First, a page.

Aris Suwanmalee - stock.adobe.co
A digital bank boss has called for social media companies to share responsibility for losses to consumers duped into transferring money to fraudsters when buying what they think are genuine goods.
Anne Boden, CEO at digital challenger Starling Bank, called for cooperation between different sectors to clamp down on authorised push payment (APP) fraud, also known as bank transfer fraud.
APP occurs when a consumer sends money to buy something, which turns out to be fake and in fact a criminal steals their money. Banks often reimburse customers through the Contingent Reimbursement Model, introduced in May 2019. This sets out when victims who are manipulated into making real-time payments to fraudsters are to be reimbursed and by whom, and banks usually take responsibility.
In a recent blog post, Boden expressed her hope that other sectors will shoulder some responsibility for such scams, particularly social media platforms.
“Banks invest billions of pounds into tackling economic crime, but we cannot stop it on our own,” she wrote.
Boden pointed the finger at social media platforms and telecoms networks that are used in various financial crimes. “Very often, [social media] accounts are used for advertising for ‘money mules’ for the purposes of money laundering, selling stolen identity and credit card data, phishing, bogus investment scams and impersonation fraud,” she said.
But Boden said banks “seem to have become the underwriter of all kinds of fraud that are not really financial fraud at all”.
She added: “If a consumer buys a pair of trainers online from a site advertised on a social media platform that takes their money and runs, this is not financial fraud, it’s purchase fraud.”
Boden said there are no repercussions for the social media platforms on which the fraudsters advertise. “Criminals wouldn’t be allowed to advertise on traditional media with such impunity,” she added.
“We fully support the Contingent Reimbursement Model code that we signed up to last year to help customers hit by scams. But this kind of scam is not what the code was intended for.”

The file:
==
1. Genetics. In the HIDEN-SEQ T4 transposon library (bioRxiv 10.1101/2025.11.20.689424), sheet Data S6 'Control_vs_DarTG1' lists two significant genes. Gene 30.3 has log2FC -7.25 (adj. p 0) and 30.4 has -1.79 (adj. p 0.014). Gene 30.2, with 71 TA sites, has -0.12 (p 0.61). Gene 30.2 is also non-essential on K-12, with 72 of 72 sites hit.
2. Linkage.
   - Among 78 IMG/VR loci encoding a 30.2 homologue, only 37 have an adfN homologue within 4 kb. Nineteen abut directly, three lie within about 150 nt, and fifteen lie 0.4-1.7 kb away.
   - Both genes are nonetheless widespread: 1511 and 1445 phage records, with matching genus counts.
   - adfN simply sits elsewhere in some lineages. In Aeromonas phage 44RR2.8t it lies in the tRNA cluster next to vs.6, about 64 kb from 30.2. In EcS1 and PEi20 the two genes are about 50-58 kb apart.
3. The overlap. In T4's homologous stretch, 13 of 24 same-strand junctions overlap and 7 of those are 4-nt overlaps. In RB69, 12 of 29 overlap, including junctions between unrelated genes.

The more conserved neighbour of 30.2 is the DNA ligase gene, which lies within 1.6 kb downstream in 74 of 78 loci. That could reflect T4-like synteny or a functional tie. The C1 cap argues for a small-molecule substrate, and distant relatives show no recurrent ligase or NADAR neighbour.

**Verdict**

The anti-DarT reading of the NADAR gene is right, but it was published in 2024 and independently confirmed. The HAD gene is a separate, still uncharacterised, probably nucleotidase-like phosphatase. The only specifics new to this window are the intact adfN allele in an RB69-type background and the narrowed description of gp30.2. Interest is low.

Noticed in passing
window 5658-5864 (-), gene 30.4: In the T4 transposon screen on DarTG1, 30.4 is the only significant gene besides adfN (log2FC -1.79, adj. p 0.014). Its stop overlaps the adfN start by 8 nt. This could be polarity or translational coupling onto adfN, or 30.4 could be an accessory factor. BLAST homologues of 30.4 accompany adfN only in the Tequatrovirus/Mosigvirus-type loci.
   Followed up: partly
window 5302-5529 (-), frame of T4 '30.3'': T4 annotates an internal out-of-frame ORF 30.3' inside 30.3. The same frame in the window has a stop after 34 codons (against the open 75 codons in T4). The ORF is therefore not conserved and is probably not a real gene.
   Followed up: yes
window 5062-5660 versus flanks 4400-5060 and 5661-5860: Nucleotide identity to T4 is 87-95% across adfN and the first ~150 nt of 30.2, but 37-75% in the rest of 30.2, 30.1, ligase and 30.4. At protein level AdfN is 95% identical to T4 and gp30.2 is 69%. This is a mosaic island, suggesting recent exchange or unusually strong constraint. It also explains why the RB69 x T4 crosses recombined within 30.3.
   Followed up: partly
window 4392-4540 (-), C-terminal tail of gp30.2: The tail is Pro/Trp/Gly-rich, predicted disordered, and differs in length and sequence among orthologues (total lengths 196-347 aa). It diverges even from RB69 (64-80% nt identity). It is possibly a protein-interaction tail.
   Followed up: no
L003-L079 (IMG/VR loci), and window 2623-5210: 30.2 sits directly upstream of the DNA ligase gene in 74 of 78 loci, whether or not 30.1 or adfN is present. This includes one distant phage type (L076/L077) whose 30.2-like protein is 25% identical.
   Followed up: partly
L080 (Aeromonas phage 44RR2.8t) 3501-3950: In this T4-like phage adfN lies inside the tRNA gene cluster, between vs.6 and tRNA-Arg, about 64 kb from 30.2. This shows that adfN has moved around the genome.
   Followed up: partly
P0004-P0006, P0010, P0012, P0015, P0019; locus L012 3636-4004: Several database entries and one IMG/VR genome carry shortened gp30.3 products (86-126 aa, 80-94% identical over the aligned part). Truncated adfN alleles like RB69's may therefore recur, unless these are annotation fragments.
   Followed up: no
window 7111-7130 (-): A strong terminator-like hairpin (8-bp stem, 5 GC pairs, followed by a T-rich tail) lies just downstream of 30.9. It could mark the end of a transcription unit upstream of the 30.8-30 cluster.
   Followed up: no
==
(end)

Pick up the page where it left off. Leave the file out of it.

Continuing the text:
Read more about cyber scams
- A successful branch-based anti-fraud scheme will be expanded by banks to include online and telephone banking.
- Consumers warned to be on guard against criminals pretending to be IT support staff to gain access to personal banking information.
- Fraud perpetrated through fake mobile apps purporting to be from legitimate banks has seen a statistically significant spike, says RSA.
Boden called for a cross-industry approach and better law enforcement to stop the organised gangs behind these scams because “banks cannot do this on their own”.
Gareth Lodge, analyst at Celent, said social media does “seem to fall through the cracks” of regulation.
“If you had a builder who did a shoddy job, you’d ring trading standards,” he said. “If you bought something from eBay or Amazon, then eBay or Amazon would sort it and refund you.”
Lodge agreed that there should be a cross-industry approach. “While banks have a role to play, especially as a way of catching suspicious activity, they aren’t to blame, or indeed, even directly involved,” he said. “Social media should have a role to play, and there must be a risk to their reputation. I think, though, that it’s not just a role, but collaboration that is the key – tackling fraud is everybody’s business.”
Figures from UK Finance show that 57% of scam cases relate to purchase fraud, with 45% of those cases being for sums below £300.
Last year, UK Finance said these crimes are not just a problem for the banking industry to solve. “Government, regulators and other sectors need to step up and play their part.,” it said. “That includes those organisations not directly involved in the payment, but who may have facilitated the fraud happening – for example, through a data breach, or by carrying fake adverts on their platforms.”
One IT professional in the banking sector fraud is tough to solve as it is hard to stop people falling for scams. "As soon as an avenue is closed, the fraudsters find new methods of attack. I think education and awareness is key to try and help more people be careful," he said. "There comes a point when bank customers have to take responsibility for their own actions but it is hard to know where that line should be drawn."
"This all happened within a generation I think people will gradually learn and be more careful but it could take years."
He said regulators have a difficult journey to balance consumer protection against consumer behaviour. "In terms of social media, I do think it has become the wild west and strong regulatory action needs to be taken against those firms on a number if levels."